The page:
Privacy Impact Assessment Guide: 7 Best Practices to Master PIAs
One of data privacy’s greatest challenges is that it can all feel...Read Now
February 24, 2023
In today’s digital environment, businesses seem to have vendors for everything. How you run your meetings, how you talk to customers, how you communicate internally—practically every aspect of a modern business is supported by third-party vendor. That’s why vendor risk management and third-party risk management (TPRM) is so essential. Research shows that organizations share their data with over 730 different vendors. And often, those vendors share your data with their own vendors.
Okay, vendor risk management is important: what exactly is it, and how can you implement it?
We’re glad you asked.
Often used interchangeably, vendor risk management and third-party risk management (TPRM) are both terms used to describe continuous monitoring and risk mitigation associated with outside people and organizations with which your company does business.
In short: vendors are a subset of third parties. While this may sound confusing, it really boils down to subtle differences.
Outsourcing aspects of your operations to vendors is a necessity in modern business. Vendor risk management is understanding who your vendors are, their privacy practices, and the risks associated with doing business with them. If a breach did occur through one of your vendors, what impact would it have on your business, its operations, and its customers?
There are many types of risks, and your company’s threshold for each type may vary depending on the vendor and its access to your company’s data. For example, a company that handles your organization’s social media is not as big of a risk as a vendor that processes payroll simply because of the types of information they each need to provide service. Some types of risk include:
Without a robust third-party vendor risk management process, a company opens itself up to a host of consequences ranging from regulatory actions to the potential shuttering of the business. In fact, 60% of small businesses that suffer a cyberattack are unable to withstand the impact and end up going out of business within six months, according to the National Cyber Security Alliance.
That’s because of the costs associated with recovery and remediation, reputational damage, or paying cyberattackers’ ransoms. But a major cost associated with data breaches are fines related to the data privacy violations uncovered by a breach.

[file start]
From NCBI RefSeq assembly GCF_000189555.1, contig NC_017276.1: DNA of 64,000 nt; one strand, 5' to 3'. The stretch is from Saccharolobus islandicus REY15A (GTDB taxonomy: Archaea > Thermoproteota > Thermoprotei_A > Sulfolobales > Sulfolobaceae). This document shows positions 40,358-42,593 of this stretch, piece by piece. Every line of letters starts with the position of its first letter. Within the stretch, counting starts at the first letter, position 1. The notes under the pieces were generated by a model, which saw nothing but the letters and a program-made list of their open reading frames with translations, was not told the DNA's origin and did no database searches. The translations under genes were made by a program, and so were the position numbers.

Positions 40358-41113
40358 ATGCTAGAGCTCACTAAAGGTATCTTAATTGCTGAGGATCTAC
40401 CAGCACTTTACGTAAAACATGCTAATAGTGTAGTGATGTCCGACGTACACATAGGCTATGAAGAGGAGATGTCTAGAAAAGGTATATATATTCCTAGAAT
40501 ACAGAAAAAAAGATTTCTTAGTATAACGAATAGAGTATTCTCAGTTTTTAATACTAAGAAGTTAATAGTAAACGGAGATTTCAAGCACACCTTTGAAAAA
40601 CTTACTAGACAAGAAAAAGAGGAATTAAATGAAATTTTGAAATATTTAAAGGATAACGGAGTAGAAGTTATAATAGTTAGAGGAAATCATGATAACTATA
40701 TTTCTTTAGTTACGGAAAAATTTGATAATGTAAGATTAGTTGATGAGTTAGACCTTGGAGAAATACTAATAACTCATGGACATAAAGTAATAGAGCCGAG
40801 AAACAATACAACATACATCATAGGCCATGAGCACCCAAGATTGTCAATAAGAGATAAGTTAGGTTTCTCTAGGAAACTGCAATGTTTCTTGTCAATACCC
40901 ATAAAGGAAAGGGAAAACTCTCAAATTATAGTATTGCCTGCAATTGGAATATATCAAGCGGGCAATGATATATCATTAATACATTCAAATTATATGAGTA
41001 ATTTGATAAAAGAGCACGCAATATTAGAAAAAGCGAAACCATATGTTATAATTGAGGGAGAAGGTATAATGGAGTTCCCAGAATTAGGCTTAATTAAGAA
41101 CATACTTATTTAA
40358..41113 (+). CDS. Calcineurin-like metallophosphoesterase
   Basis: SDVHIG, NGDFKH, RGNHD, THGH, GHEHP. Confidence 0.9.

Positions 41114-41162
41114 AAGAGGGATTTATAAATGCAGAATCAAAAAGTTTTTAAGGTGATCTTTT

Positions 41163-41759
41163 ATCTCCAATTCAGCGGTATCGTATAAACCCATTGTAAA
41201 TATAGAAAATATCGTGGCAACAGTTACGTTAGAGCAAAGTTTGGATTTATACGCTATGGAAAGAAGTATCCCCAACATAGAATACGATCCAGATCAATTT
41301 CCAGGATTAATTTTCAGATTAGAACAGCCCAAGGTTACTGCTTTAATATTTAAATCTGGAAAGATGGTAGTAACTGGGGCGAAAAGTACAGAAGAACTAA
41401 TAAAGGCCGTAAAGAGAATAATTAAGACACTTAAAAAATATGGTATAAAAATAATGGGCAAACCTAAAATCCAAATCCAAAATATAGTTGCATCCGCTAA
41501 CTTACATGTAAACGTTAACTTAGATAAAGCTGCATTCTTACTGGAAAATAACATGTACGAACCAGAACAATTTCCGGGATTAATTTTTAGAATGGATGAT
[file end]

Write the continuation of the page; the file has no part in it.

Today, data privacy is more important than ever. The European Union’s GDPR ushered in a new era of data privacy. Now if businesses want to operate in a given region, they have to comply with the patchwork of U.S. privacy laws, like California’s CPRA, and other international laws, like the Brazilian LGPD or Canada’s PIPEDA.
Because vendor risk is such an real threat to data privacy, many of these consumer data protection laws have requirements for what data can be transferred to vendors and what vendors are allowed to do with that data.
When vendors fail to live up to these standards, they increase their (and your) risk for a data breach; when such a breach occurs, it’s often because of negligence in their duty to protect your customers’ data.
Managing and reducing risks—particularly with regard to security and privacy—should be a priority for all companies. Vendors often have access to a lot of your company’s (and, more importantly, your customers’) information.
If a vendor doesn’t follow cybersecurity best practices, their vulnerabilities become your vulnerabilities. The average cost of a data breach in the United States in 2022 was $9.4M ($4.3M global average), according to a report released by IBM. Legal and investigative costs, lost revenue and investment, and negative impacts to a company’s reputation are all other potential costs of a data breach.
Many companies have become targets of cyberattacks. In one recent example, Texas-based SolarWind’s software was hacked without immediate detection. When software updates were sent to their 33,000 customers, the malicious code went with it creating a “backdoor to customer’s information technology systems, which hackers then used to install even more malware that helped them spy on companies and organizations,” Business Insider explained.
This highlights the importance of vendor risk monitoring and management—had more companies identified SolarWinds’s vulnerabilities earlier, they might have gone with another vendor.
Vendor risk management is an ongoing process that, when practiced consistently, can help protect your organization from risks introduced by vendors.
If you’re thinking “That sounds complicated,” that’s because it is—when it’s done manually.
Osano’s Vendor Risk Management solution automates the privacy aspect of vendor risk management by:
This creates a scalable, manageable, and sustainable process that will save your company time, money, and headaches related to vendor risk.
Schedule your free demo today to learn how Osano can help continuously monitor and manage your vendor risk.
The Osano staff is a diverse team of free thinkers who enjoy working as part of a distributed team with the common goal of working to make a more transparent internet. Occasionally, the team writes under the pen name of our mascot, “Penny, the Privacy Pro.”